Loris Follador is fortunate to have vines in the Valdobbiadene Prosecco appellation, all aged 60 years or older. Therefore, he has the raw material to make seriously good wine. He uses the benefits of modern technology to make a wine that is similar in style to the Proseccos that existed before the fashion of fruit driven wines.
This will be a shock to people who drink the fresh, fizzy, grapey, floral and simple styles of Prosecco from Italy and Australia. Most of that style are really enjoyable, this wine though is unlike all of them. The wine is not disgorged after the second ferment, and the lees remain in the bottle, adding texture and complexity. It is funky, cloudy, only has about half of the pressure and is really complex. It is definitely a context wine but all the better for it. I would serve this with some firm cheese. Aging is not required but I’d be fascinated to see what it does.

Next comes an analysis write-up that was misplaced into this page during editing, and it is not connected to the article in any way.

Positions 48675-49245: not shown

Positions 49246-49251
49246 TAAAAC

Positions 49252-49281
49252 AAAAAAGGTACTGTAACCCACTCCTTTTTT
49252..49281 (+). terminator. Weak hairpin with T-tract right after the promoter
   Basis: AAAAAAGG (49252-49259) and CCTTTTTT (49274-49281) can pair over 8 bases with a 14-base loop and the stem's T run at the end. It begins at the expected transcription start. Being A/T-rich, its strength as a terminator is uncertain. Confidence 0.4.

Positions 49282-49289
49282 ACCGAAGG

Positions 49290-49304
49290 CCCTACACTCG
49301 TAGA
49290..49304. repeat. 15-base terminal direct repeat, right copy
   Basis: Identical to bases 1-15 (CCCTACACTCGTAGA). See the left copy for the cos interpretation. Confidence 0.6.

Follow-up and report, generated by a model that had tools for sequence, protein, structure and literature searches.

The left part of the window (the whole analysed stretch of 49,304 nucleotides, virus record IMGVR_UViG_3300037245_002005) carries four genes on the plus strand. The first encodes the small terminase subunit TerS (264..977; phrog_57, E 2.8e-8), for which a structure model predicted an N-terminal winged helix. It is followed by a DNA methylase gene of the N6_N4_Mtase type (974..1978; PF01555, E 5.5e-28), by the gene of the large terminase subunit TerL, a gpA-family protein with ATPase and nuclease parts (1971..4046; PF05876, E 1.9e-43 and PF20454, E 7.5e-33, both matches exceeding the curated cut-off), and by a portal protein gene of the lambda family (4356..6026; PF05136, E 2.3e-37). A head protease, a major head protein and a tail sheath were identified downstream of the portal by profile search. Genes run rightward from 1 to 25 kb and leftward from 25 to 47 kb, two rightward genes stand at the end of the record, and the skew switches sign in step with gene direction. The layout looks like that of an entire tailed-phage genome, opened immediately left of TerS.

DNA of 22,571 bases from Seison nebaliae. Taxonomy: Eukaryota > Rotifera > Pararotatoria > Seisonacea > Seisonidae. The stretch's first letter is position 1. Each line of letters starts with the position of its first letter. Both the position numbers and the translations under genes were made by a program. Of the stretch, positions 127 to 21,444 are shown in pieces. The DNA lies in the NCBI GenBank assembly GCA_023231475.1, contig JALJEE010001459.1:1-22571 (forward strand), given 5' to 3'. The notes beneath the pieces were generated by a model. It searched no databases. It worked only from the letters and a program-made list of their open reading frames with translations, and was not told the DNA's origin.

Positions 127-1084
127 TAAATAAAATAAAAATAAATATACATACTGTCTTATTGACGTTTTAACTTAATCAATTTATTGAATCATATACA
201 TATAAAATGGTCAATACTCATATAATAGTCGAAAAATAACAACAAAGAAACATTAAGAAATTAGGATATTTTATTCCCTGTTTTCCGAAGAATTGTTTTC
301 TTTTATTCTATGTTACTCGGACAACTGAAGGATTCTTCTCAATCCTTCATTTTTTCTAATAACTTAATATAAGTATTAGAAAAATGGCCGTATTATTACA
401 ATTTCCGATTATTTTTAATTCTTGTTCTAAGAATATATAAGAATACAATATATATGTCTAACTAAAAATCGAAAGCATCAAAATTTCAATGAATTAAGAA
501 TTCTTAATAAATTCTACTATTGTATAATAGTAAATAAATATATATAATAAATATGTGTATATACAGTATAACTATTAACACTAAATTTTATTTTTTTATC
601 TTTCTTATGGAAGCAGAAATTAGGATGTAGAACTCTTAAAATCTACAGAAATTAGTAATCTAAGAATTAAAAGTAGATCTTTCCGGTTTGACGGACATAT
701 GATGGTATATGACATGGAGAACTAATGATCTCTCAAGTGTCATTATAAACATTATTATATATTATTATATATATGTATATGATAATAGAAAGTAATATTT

Now exclusively used for the region with the grape variety now called Glera. By using the cheaper charmat method to make the wines and in recent times pushing up the quality, the Italians have cornered the ‘poor person’s Champagne’ market. Look out for the variety to change name to Glera in the next few years.